As Durham prepares for the Full Frame Documentary Film Festival
(starting tomorrow—check out the INDY’s preview package
), Winston-Salem is getting ready for an ambitious film festival of its own. The 16th annual RiverRun International Film Festival
which attracts thousands of cinema fans each year, showcases features and shorts from all genres of independent film and from all over the world—plus industry guests, this year including Oscar-nominated Winter’s Bone
director Debra Granik
Running from April 4th to April 13th, this year’s festival includes some productions with strong Triangle ties. Today, we’re reviewing three, all documentaries, that we saw.
Mipso in Japan
is a 16-minute documentary short that follows the young, Chapel Hill-based pop-bluegrass band
to Japan on their first major tour outside their comfort zone. While you’ll hear snippets of songs here and there, the majority of the film focuses on the band’s awkward interactions with Japanese fans and home video-style scenes of them enjoying such local activities as a Japanese bathhouse. If you’re a fan or relative of the band, you’ll probably love it, but for a general audience, there isn’t too much to see here.
Mipso in Japan - Trailer from Jon Kasbe on Vimeo.
If You Build It
, which is also screening at Full Frame, is the tale of two volunteers battling small town school boards and shrinking budgets in their efforts to expand students’ minds with experimental curricula at a high school in rural Bertie County, North Carolina. Bertie is one of the poorest counties in our state, and the fight between young activists and a board that is swayed only by grant money illustrates the melancholy that can envelop an area when the brightest young minds abandon their hometowns. Director Patrick Creadon (who was the cinematographer of Wordplay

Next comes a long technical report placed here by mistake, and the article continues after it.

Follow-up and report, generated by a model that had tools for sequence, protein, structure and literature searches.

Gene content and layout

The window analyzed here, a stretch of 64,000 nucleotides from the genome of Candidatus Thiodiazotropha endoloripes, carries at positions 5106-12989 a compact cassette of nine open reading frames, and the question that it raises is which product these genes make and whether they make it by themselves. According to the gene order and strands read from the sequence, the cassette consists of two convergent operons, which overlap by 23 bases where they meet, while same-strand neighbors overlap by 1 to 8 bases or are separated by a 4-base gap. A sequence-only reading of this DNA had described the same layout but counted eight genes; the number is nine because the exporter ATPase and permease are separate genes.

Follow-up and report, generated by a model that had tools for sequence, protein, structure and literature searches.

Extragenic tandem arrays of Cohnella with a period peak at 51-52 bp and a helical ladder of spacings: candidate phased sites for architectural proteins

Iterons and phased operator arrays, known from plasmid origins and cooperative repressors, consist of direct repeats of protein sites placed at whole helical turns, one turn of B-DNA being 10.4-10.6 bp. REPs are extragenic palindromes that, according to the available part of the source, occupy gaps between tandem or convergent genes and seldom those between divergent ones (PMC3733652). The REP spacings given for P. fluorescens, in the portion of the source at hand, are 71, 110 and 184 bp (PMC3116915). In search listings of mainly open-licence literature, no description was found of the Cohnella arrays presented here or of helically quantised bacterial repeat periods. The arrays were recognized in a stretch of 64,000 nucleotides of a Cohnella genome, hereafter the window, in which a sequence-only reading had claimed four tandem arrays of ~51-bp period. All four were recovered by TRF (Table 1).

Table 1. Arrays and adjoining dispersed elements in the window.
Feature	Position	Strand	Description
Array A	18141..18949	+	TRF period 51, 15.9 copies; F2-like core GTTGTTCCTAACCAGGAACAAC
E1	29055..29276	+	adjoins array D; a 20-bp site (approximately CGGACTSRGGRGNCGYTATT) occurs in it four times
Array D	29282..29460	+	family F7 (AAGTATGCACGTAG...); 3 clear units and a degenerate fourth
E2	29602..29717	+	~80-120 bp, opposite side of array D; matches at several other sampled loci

) continues to impress with this full-length documentary, which features several narrative twists and turns along its 85-minute running time.
It’s Monday and the South is Rising
, a 20-minute documentary from director Jonathan Michels, highlights the Moral Monday protests at the General Assembly this past summer. Michels impresses with his directorial debut, and scenes of peaceful protesters being led away in zip-tied handcuffs will shock you—unless you're a resident of the Triangle, where, sadly, we’ve been living through these shameful events for months. But it’s a valuable primer for the rest of the country, which probably hasn't followed the action as closely as it unfolded.
"It's Monday and the South is rising" from Jonathan Michels on Vimeo.